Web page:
> > In one of his messages, Robert Hayden briefly mentioned textbooks. This is my > third year teaching statistics at the high school level. The first two, I used > a book that is not on the AP list and my students did reasonably well > (although > they did not cover all the AP objectives). This year I am piloting the Moore > and McCabe book at the recommendation of people at an AP workshop and am > distressed at how poorly my students are doing and also the drop-out rate I'm > experiencing. I'm afraid part of the problem seems to be the textbook--the > lack of examples Robert Hayden mentioned plus generally obtuse explanations. The question of choosing a textbook depends heavily on what it is you want your students to learn, and what they already know. I think M&M is a good choice for communicating the nature and practice of statistics to an audience with good reading, study, and math skills. There are other books that do a good job of teaching students how to plug numbers into formulas and crank out answers, thereby misrepresenting what statistics is all about. I've been slow to reenter this discussion because it's hard to talk about textbooks in a vacuum. You need to first specify the raw materials and the desired product.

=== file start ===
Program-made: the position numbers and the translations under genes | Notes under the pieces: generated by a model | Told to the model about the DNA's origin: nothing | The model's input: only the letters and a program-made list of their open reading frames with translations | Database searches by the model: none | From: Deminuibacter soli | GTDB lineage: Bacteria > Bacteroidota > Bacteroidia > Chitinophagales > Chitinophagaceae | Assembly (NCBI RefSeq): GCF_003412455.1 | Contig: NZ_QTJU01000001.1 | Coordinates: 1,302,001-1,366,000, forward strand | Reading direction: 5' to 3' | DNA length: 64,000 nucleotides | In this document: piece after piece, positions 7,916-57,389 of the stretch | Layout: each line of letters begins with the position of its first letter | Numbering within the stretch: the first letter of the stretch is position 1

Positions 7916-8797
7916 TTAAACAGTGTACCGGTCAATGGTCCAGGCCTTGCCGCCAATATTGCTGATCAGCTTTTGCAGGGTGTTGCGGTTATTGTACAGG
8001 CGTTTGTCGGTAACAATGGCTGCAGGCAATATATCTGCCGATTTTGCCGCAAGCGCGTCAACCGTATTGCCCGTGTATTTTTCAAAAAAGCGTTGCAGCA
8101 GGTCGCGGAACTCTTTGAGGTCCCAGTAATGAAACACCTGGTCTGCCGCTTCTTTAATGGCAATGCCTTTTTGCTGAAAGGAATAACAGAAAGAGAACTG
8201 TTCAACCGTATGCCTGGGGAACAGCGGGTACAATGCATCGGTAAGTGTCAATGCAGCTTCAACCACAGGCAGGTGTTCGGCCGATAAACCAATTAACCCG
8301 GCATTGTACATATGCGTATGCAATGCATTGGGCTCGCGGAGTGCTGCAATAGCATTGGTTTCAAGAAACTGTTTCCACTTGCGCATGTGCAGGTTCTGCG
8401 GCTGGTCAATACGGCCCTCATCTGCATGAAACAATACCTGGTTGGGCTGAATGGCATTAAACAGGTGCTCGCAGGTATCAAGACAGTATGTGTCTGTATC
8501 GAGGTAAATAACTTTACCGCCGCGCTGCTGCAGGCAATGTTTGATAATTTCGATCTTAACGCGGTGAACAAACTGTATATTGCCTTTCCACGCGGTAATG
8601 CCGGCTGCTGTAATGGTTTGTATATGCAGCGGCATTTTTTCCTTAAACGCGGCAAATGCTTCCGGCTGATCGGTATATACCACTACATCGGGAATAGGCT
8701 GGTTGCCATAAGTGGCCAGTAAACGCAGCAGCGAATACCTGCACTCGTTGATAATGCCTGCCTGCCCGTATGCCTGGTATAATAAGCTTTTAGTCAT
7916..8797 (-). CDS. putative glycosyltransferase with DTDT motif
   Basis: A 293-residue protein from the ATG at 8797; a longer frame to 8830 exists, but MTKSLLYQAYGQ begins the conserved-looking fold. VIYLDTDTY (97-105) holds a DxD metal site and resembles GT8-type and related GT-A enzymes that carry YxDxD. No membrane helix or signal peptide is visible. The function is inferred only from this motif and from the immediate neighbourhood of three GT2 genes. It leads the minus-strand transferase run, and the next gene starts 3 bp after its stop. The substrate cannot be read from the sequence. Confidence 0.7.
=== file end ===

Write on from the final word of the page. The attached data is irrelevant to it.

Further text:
_ | | Robert W. Hayden | | Department of Mathematics / | Plymouth State College | | Plymouth, New Hampshire 03264 USA | * | Rural Route 1, Box 10 / | Ashland, NH 03217-9702 | ) (603) 968-9914 (home) L_____/ email@example.com fax (603) 535-2943 (work)